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Pro Football Spotlight : OH, NO! BONO! SAY IT'S SO, JOE

October 02, 1995

Here's one play you won't find in the Buddy Ball playbook. You could have steamed an enchilada on Arizona Coach Buddy Ryan's head as he watched Kansas City quarterback Steve "Go Go" Bono make the longest scoring run by a quarterback in NFL history.

The play covered 76 yards and about an hour and a half--not really, it's just that Bono isn't exactly swift. In fact, the only Bono that Steve probably could beat in a footrace is Sonny.

"I'll be frank with you," Chief Coach Marty Schottenheimer said. "We didn't expect the result we got. I told him before the play, 'Don't pull a hamstring running.' But as slow as he runs, there was no danger of that."

Bono faked a handoff to Marcus Allen and took off untouched, waved on by offensive lineman Joe Valerio. Remember the name.

In the second quarter of Kansas City's 24-3 victory, Bono threw a one-yard touchdown pass to Valerio, a third-string lineman, on a tackle-eligible play.

MAYBE THE STEEL CURTAIN MAKES A NICE CALENDAR

From the Dept. of Useless Information: The Steelers are 10-0 against San Diego in regular-season games in Pittsburgh after blowing out the Chargers, 31-16.

Of course, in the playoffs, the only season that really counts, the Chargers beat Pittsburgh, 17-13, to win the AFC championship game in January at Three Rivers Stadium.

NOT HERE, THERE, ANYWHERE

Yes, the 49ers noticed that the Cowboys were upset by the Redskins. But San Francisco fullback William Floyd said Dallas' 27-23 defeat doesn't really matter.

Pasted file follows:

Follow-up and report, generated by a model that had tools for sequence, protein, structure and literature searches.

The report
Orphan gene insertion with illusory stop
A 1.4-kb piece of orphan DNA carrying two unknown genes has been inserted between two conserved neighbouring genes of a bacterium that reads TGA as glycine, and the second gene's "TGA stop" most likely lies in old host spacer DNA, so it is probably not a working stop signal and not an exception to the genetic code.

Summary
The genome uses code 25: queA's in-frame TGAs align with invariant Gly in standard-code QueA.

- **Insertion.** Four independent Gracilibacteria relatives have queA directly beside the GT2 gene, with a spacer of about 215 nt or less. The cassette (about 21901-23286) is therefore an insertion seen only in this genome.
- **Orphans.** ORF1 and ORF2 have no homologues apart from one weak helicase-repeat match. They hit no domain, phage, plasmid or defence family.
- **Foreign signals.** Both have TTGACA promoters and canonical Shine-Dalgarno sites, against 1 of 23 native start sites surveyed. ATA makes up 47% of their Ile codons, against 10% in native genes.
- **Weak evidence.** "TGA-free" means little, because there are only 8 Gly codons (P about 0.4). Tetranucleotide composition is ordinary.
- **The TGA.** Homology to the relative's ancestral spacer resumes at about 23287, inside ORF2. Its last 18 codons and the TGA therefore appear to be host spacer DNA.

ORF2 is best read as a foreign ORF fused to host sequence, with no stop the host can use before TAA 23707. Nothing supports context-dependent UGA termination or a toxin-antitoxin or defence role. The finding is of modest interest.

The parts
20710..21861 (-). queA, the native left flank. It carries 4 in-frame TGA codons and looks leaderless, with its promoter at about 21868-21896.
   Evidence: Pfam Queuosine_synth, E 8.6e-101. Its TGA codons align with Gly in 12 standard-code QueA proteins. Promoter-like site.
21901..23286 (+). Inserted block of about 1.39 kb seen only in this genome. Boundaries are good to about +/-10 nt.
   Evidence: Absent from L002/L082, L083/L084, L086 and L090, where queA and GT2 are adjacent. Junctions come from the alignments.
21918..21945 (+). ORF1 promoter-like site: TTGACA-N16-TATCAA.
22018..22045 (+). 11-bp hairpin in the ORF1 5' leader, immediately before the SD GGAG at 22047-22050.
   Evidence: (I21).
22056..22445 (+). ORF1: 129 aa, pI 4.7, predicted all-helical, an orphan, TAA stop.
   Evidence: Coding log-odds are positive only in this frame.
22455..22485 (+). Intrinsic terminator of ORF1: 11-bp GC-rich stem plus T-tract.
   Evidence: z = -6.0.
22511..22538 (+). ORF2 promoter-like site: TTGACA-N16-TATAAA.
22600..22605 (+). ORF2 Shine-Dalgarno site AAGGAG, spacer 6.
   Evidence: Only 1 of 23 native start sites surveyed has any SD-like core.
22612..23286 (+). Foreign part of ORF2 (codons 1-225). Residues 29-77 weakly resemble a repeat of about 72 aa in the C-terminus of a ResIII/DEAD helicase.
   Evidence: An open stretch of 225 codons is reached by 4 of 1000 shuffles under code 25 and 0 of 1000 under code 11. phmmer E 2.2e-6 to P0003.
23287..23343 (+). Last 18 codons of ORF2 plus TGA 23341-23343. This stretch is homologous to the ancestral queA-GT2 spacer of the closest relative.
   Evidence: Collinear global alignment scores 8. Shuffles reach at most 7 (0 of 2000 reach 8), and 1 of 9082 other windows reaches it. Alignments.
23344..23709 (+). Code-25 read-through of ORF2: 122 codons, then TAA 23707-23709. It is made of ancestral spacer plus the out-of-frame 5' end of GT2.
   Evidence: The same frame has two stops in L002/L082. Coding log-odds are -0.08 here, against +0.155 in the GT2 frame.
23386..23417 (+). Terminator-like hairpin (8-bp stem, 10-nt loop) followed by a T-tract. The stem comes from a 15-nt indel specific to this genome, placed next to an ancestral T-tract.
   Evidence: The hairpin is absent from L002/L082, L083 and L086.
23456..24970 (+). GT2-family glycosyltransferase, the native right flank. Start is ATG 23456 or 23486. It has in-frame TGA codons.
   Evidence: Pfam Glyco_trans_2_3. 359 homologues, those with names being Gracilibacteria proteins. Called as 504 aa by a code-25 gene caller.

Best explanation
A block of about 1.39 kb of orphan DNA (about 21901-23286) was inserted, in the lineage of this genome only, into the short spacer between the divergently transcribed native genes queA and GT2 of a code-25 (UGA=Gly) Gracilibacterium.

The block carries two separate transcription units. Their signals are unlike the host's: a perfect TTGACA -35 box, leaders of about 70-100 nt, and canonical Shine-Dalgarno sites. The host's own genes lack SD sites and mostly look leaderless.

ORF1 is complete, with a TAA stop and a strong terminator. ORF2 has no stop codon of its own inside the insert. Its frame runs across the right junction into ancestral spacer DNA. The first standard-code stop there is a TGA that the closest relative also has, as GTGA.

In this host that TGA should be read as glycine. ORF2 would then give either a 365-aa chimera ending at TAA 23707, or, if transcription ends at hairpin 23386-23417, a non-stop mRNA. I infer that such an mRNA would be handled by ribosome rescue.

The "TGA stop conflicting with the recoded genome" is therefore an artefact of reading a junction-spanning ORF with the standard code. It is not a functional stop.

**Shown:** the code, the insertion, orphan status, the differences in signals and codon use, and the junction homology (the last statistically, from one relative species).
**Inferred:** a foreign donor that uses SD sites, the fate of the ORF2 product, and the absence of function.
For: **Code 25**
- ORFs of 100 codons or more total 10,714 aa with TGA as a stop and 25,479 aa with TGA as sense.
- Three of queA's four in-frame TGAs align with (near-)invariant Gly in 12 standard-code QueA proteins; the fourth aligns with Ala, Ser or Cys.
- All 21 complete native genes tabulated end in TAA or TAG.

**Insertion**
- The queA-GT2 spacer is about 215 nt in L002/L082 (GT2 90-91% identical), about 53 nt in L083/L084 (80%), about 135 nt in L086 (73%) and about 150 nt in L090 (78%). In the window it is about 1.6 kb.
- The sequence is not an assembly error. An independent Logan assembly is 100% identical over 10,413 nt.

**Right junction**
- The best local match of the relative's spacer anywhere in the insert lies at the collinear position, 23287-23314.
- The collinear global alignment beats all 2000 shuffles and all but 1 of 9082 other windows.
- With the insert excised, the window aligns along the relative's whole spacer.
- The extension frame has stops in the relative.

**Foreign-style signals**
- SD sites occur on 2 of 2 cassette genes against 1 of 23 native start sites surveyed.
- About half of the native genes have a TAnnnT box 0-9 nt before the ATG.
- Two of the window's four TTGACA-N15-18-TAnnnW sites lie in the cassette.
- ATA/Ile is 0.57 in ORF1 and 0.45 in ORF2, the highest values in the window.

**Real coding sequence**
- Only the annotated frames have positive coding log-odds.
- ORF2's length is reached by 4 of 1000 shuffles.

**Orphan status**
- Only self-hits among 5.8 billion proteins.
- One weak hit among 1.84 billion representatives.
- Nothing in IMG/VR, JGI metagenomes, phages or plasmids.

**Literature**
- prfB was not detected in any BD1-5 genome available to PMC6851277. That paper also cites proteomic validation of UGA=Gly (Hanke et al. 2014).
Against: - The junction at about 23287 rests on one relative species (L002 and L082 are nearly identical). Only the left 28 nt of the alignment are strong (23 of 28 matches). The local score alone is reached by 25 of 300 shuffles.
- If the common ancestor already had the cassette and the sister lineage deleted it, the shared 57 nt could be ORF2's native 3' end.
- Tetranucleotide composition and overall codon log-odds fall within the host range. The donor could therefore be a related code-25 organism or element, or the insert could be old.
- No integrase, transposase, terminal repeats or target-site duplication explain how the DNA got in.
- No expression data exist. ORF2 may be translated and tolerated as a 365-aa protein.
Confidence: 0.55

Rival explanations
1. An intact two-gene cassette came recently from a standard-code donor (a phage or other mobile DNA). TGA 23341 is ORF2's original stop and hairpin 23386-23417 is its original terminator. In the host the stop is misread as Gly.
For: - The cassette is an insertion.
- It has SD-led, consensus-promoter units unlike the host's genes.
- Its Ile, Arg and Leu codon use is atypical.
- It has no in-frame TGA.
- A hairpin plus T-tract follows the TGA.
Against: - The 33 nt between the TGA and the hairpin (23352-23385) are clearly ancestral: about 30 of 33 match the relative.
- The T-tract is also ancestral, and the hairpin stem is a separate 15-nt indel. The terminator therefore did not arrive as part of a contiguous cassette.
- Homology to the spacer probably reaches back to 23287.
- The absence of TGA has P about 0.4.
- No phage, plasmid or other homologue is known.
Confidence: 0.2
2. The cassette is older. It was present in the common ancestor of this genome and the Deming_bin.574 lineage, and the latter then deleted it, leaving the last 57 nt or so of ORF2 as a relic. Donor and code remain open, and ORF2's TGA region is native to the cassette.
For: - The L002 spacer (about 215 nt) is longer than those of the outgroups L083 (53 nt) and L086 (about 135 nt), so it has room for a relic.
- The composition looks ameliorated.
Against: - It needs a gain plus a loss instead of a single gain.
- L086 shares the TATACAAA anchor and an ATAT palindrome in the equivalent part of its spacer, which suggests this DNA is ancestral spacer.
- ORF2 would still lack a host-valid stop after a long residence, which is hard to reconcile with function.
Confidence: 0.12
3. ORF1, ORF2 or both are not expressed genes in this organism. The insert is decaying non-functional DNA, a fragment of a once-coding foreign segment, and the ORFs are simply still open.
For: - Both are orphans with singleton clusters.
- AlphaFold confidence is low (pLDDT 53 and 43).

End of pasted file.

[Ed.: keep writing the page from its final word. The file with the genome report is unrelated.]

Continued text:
Said Floyd: "You know Dallas is going to be there at the end. You know we're going to be there at the end, so that's neither here nor there."

INJURY REPORT

Quarterback Troy Aikman of the Cowboys strained his right calf muscle against the Redskins and is expected to be out from two to three weeks. Aikman wasn't hit, but speculated that his cleats got caught in the grass. . . . Running back Rodney Hampton of the Giants broke a bone in his right hand in the game against the 49ers. He left late in the third quarter after recovering a bad pitchout from quarterback Dave Brown. . . . Tampa Bay quarterback Trent Dilfer left the Buccaneers' game at Carolina late in the second quarter because of a mild concussion. . . . New Orleans quarterback Jim Everett was sacked four times and sent to the sideline by a sprained ankle, but he returned. . . . Indianapolis cornerback Damon Watts dislocated a left toe on an interception return and was on crutches when the game ended. Indianapolis reserve linebacker Scott Radecic was also on crutches in the fourth quarter because of a sprained ankle. The Colts also lost tight end Thomas McLemore when he dislocated a shoulder blocking to free Marshall Faulk for his first touchdown.

THAT SAINTS' SPIRIT? IT'S IN THE BAG

Way down yonder in New Orleans, it's getting ugly. They may have to change the name of the Superdome to the Loserdome. The Saints are 0-5 and off to their worst start since 1980 when they lost their first 14 games in a 1-15 season.

A crowd of 43,938 watched them lose, 15-10, to the Eagles, the smallest turnout for a Saint game in the Superdome since 29,745 watched the first strike game in 1987.

And, yes, many 'fans' put paper bags over their heads when it became apparent the Saints would lose again.

BUT THINK OF TIME SAVED NOT TRYING CONVERSIONS

After the Eagles scored 15 points on five field goals (and beat lowly New Orleans, 15-10), quarterback Rodney Peete assessed the Philadelphia offense: "We've got to score more touchdowns."

Or any.

QUOTEWORTHY

Dallas Coach Barry Switzer after the Cowboys gave up 27 points, lost to Washington and lost quarterback Troy Aikman to a calf injury: "Troy doesn't play defense."

Indianapolis running back Marshall Faulk, crediting his line for the 177 yards he gained rushing: "I'm just the one who had the ball in his hands."

New Orleans Coach Jim Mora on the plight of the 0-5 Saints: "What this team needs is a win."

Tampa Bay quarterback Trent Dilfer, who had a mild concussion against Carolina: "I don't remember much about the first half."

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